The Reliability of the Scriptures Part 3

Brooke Cooney
RSS this blog Archives Contributors

Brooke Cooney is a pastor's wife, mother of two, and foster-mom of one. To capture the eternal in the everyday, she blogs about family, faith, and lessons along the journey at


What have archaeologists discovered that would lead us to believe in the historical claims of the New Testament? Thankfully, the answer to this question is, archaeology has unearthed a great deal of support for the historical accounts of the Bible. Today I will provide a springboard for further studies of the wealth of archaeological support.

  • “There are at least thirty characters in the NT who have been confirmed as historical by archaeology or non-Christian sources.” (Geisler, Norman L. and Turek, Frank, 2004)
  • The John Rylands Papyrus, discovered by Grenfeld in Egypt in 1920, provides the oldest known fragment of a New Testament Manuscript. The small scrap from John’s Gospel chapter nineteen verses thirty-one to thirty-three, and thirty-seven to thirty-eight, was one specific finding that helped to fix a date to the gospel of John. Papyrologists dated the scrap to 125 A.D., “but since it was so far south into Egypt, it successfully put an end to the then-popular attempt to late-date John’s Gospel to the second century rather than to the traditional first century date of A.D. 85–90.” (Walter C. Kaiser, 2007; Walter C. Kaiser, 2007)
  • The well-known, well-referenced Dead Sea Scrolls were found in 1948 in caves at Qumran in the Judean Desert, near the northwest end of the Dead Sea. This archaeological find provided around eight-hundred manuscripts of every book (in part or the whole) of the OT except for Esther. “Prior to that, the earliest Hebrew texts dated to around A.D. 1000, but the scrolls at Qumran are generally more than one thousand years older! These Hebrew texts illustrate that a thousand years of copying had provided us with an amazingly pure text, with one of the best examples being the book of Isaiah where only three words had slight modifications. (Walter C. Kaiser, 2007)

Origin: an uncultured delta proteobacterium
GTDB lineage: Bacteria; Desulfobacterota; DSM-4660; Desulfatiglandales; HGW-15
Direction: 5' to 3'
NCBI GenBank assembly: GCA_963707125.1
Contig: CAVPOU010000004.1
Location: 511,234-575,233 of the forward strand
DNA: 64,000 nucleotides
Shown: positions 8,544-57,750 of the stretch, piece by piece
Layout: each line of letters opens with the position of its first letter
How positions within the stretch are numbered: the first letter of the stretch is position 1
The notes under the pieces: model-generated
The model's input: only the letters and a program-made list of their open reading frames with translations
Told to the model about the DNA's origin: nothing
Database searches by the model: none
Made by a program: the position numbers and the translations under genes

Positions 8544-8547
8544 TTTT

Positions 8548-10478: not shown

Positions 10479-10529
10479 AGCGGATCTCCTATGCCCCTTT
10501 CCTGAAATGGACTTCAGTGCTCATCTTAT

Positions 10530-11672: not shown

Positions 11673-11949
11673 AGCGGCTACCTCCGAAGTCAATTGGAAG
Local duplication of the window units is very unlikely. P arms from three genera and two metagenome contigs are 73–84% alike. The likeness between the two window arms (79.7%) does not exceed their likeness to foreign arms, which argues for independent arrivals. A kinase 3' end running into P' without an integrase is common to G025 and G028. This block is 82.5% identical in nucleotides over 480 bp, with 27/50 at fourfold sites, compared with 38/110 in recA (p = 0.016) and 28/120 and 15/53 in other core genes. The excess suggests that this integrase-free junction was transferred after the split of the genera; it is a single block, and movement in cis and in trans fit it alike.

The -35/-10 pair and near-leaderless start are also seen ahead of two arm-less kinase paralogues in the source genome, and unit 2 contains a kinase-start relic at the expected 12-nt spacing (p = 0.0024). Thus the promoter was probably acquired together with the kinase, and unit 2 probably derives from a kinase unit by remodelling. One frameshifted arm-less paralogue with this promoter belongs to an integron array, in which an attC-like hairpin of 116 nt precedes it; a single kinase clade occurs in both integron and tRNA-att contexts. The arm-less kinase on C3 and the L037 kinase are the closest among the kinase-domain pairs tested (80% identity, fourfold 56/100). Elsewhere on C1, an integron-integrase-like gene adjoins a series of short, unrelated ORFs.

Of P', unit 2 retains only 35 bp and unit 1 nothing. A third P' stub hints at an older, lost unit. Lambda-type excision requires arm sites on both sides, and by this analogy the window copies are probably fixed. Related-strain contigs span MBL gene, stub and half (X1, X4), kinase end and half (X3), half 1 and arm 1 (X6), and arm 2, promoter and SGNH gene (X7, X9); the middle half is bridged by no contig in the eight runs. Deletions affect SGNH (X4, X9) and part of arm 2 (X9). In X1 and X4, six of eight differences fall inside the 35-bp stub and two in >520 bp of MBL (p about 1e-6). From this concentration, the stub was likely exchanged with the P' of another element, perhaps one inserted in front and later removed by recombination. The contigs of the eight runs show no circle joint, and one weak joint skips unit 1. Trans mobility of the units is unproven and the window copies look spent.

Given the number of manuscript copies (here), the agreement between manuscripts (here), and the archaeological support of Biblical, historical characters and events, we can say with confidence that the Bible is a historically reliable text. Further, that it is the most historically reliable text of all of ancient documents.